Updated - 2/16/24
Scroll down for up to the minute stream flows,
map and info about lodging
Current River Conditions: Hovering around 1,440 CFS at Orleans
Fishing - Poor: The Fly Shop in Redding www.theflyshop.com reports that "It will be a while before the Klamath will be clear enough to fish. This is good news! The remaining dams will be removed over the next six to seven months and the anadromous species, Steelhead and Chinook Salmon, will once again have access to cold springs and spawning grounds above. Preparations to stage equipment and move the hatchery was completed in the last couple of weeks, and the lake drawdowns have begun. The release from Iron Gate was bumped up to 2,500 CFS and there is a lot of sediment coming down the river. We will keep you posted on the progress of this largest of it's type project through the year."
About the Klamath River
The Klamath River is one of the longest rivers in California. It stretches about 250 miles from south eastern Oregon to the Pacific Coast. Though the river is very long, two of the most popular and easily accessible sections are the Iron Gate Dam tail water accessed from
I-5 and from the community of Happy Camp down to the outlet into the Pacific Ocean.
Because of private land adjoining the river, the Iron Gate Dam tailwater section requires a watercraft to fish it. There is a dirt boat ramp near the dam where you can put in, and the takeout is about four miles downstream at Klamathon Bridge.
The characteristic of the water is riffles and runs with a few deep pools. Being that the dam is the location of the Iron Gate Fish Hatchery and it’s the furthest upstream the Steelhead and Salmon can travel, the fish tend to stack up in that area making for some wonderful fishing.
The lower section of the Klamath from Happy Camp to the ocean draws the most fishermen . Wading access is pretty good as Hwy 96 follows the river all the way to Weitchpec which is about 60 mi, so there is lots of river to explore.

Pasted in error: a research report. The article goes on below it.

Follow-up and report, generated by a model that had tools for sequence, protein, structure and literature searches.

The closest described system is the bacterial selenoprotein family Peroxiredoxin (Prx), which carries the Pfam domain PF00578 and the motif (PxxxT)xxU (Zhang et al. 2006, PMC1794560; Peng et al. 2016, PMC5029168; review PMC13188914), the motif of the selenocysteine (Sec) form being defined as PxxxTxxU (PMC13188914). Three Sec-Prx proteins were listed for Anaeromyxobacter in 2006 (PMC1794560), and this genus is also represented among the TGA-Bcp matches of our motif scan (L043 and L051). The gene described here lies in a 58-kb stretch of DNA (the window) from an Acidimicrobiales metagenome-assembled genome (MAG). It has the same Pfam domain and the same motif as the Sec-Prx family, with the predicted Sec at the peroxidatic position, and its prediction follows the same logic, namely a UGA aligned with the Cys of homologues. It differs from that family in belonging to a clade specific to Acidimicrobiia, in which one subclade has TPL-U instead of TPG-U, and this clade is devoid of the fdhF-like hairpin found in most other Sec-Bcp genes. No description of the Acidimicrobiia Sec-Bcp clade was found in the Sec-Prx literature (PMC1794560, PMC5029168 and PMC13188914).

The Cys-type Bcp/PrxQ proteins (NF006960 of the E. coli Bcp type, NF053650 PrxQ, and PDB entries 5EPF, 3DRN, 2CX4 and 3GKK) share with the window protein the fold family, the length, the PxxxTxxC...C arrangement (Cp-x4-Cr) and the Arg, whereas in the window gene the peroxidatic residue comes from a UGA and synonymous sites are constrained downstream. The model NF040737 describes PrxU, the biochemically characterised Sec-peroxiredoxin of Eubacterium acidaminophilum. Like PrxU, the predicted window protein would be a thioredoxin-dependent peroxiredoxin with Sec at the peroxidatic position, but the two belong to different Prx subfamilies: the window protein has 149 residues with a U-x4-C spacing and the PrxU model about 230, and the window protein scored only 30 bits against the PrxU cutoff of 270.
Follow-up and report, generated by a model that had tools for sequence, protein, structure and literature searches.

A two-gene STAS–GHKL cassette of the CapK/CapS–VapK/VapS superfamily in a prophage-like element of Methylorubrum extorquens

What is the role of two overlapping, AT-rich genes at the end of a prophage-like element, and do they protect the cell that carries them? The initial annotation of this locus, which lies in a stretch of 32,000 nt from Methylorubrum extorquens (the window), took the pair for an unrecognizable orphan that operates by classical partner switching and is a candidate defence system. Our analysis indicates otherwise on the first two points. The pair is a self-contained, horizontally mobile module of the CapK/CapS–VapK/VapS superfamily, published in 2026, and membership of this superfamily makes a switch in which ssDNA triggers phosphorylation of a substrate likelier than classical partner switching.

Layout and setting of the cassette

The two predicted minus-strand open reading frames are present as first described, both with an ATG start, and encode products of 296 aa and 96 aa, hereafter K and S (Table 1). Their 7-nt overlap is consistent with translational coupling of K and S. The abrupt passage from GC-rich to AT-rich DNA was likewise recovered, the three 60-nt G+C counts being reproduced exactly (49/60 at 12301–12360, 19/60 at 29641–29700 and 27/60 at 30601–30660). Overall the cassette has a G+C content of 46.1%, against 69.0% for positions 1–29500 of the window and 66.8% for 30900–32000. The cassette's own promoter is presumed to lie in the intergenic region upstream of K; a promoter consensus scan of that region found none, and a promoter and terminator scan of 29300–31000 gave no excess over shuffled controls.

Below Weitchpec most of the land is private or on Indian reservation, so no access is allowed. For that reason and because there are no boat launches on the Indian reservation, jet boats are the preferred watercraft.
There are many launching sites upstream from Weitchpec at Capell Creek, Big Bar (just north of Orleans), Blue Heron (south of R Lyle Davis Bridge), Dolan Bar, Green Creek, Precido Bar, Coon Creek, Independence Forest, and Chambers flat.
The last three are in the Happy Camp area. Some of the RV resorts have launching too. The more popular and productive runs are from Ullathorne (near Orleans) to Big Bar, Presidio (near Somes Bar) to Dolans Bar. Length of the runs vary from 5 to 8 miles. The section downstream from Happy Camp can be difficult to float due to roily water.
Most of the Steelhead on the Klamath are what are locally known as “half pounders”. The name is a misnomer as the fish range in size from 2 to 4 lbs. They are generally considered to be sexually immature fish that have spent a short time in the estuary or close to the river’s outlet and then returned for various reasons but generally to follow the Salmon as they enter the system in August through November.
The half pounders feed voraciously on Salmon eggs during the spawn in November, but until then they eat whatever the river has to offer. When the half pounders are in, there are usually a lot of them and the fishing can get silly. In January and February the large Steelhead spawners come into the system, but unless it’s a low precipitation year, the river can be blown out during that time.